The future is here it seems, as self-driving autonomous vehicles are no longer works of fiction but something you may come across on the road. Well, we are not there yet, but the autonomous future looks closer than ever with several trials being conducted around the world.
Dana Moukhallati Mustafa sits motionless behind the wheel, upturned hands in his lap, as his taxi drives itself, bringing the United Arab Emirates (UAE) closer to that future.
The “safety officer” is part of a trial for driverless cabs in the capital Abu Dhabi, where customers can be picked up and dropped off at nine pre-determined spots on Yas Island.
It's been a “smooth ride” so far, said Mustafa, with no incidents that required any major intervention.
“In the past few days, we've had most customers order taxis from the mall or hotel,” he told Agence France-Presse (AFP).
Bayanat, a branch of the Abu Dhabi-based Group 42 tech company, last month launched the trial of four driverless vehicles, two electric and two hybrid, under the name TXAI.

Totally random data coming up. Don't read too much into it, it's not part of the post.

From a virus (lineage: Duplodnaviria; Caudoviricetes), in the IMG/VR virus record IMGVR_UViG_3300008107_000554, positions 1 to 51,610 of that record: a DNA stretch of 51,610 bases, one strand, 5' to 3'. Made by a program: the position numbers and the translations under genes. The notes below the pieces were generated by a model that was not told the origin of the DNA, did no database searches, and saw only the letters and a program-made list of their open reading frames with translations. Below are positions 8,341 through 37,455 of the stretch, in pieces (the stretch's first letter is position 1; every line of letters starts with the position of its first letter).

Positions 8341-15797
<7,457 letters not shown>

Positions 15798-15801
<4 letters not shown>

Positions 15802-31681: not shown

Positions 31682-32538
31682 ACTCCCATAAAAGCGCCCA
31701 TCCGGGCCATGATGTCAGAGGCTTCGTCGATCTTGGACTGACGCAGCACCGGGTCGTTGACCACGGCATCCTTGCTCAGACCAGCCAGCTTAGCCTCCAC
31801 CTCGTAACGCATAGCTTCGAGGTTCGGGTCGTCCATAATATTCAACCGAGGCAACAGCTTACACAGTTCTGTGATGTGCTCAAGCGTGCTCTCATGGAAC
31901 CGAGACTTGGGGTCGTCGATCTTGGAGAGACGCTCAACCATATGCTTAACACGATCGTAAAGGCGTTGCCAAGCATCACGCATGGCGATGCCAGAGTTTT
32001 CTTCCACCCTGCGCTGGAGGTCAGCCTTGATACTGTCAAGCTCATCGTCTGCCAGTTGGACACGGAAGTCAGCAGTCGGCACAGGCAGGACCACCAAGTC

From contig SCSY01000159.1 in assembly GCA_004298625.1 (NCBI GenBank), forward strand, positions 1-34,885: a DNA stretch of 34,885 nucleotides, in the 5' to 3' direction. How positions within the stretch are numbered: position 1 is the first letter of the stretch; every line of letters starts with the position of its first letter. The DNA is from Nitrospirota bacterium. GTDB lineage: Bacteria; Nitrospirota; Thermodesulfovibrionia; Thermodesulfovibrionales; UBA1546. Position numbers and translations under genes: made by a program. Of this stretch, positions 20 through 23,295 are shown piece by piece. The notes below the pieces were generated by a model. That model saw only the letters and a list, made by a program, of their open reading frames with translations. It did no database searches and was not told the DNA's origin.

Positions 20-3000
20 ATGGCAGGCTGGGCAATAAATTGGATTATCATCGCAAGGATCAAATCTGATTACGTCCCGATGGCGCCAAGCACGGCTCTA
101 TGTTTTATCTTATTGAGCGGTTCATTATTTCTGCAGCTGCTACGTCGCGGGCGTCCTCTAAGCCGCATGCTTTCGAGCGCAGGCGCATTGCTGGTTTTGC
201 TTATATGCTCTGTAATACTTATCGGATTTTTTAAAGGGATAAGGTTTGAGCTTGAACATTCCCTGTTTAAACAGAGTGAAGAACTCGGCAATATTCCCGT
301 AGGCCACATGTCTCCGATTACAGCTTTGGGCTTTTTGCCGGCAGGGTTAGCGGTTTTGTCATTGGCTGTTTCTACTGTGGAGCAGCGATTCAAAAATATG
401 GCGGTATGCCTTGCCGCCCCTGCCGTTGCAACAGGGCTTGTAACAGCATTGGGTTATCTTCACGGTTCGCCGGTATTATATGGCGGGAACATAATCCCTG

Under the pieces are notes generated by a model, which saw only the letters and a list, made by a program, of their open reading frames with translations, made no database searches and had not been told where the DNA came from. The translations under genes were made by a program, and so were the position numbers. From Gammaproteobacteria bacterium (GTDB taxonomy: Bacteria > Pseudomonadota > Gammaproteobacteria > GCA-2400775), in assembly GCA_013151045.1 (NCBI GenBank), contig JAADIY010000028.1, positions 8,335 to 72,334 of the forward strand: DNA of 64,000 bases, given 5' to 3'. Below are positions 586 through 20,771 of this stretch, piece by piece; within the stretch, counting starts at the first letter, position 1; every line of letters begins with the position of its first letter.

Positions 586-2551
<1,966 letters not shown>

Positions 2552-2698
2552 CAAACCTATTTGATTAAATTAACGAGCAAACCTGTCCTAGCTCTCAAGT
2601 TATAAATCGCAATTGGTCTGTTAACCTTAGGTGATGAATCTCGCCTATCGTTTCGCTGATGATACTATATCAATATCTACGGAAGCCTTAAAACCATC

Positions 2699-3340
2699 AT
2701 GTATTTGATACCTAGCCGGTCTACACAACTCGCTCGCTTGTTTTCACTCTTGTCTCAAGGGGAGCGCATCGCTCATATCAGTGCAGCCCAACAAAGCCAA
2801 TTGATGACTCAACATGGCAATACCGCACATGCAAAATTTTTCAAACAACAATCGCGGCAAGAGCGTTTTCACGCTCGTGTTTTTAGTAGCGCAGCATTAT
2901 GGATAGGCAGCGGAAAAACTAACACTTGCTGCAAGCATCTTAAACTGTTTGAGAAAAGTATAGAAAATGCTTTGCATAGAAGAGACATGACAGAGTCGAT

A second phase will include at least 10 vehicles and multiple locations across Abu Dhabi, the company said. Customers can order the vehicles using the TXAI app.
Robotaxis have been tested at various locations around the world in recent years, but commercial use of the vehicles has so far been tentative.
Last month, autonomous cabs were rolled out in Beijing, but also with a safety officer in the driver's seat in case of an emergency.
Hasan al-Hosani, CEO of Bayanat, said removing the safety officers would be a major step.
“The milestone to move from L3 (where a safety officer is present) to L4 (without a safety officer) would be a big one,” Hosani told Agence France-Presse (AFP).
“The vehicles are already operational... We are collaborating with the authorities to further expand our operation area geographically, as well as to upgrade to L4 level.”
Abu Dhabi is not the only member of the UAE eyeing a driverless future.
Neighboring Dubai says it wants 25% of all of its transport driverless by 2030, cutting costs, pollution and accidents.
Dubai aims to launch a small fleet of self-driving taxis by 2023, according to state media, with plans to reach 4,000 by 2030.
The shift is expected to hit taxi drivers, the vast majority of Asian migrant workers, in a country where foreigners make up 90% of the 10-million population.
The UAE last month approved a temporary license to test self-driving cars on the roads, but there is no federal legislation yet governing autonomous vehicles.
This remains one of the biggest obstacles.
“This technology is new and regulations pertaining to safety and other operational aspects are being developed in real time,” said Hosani.
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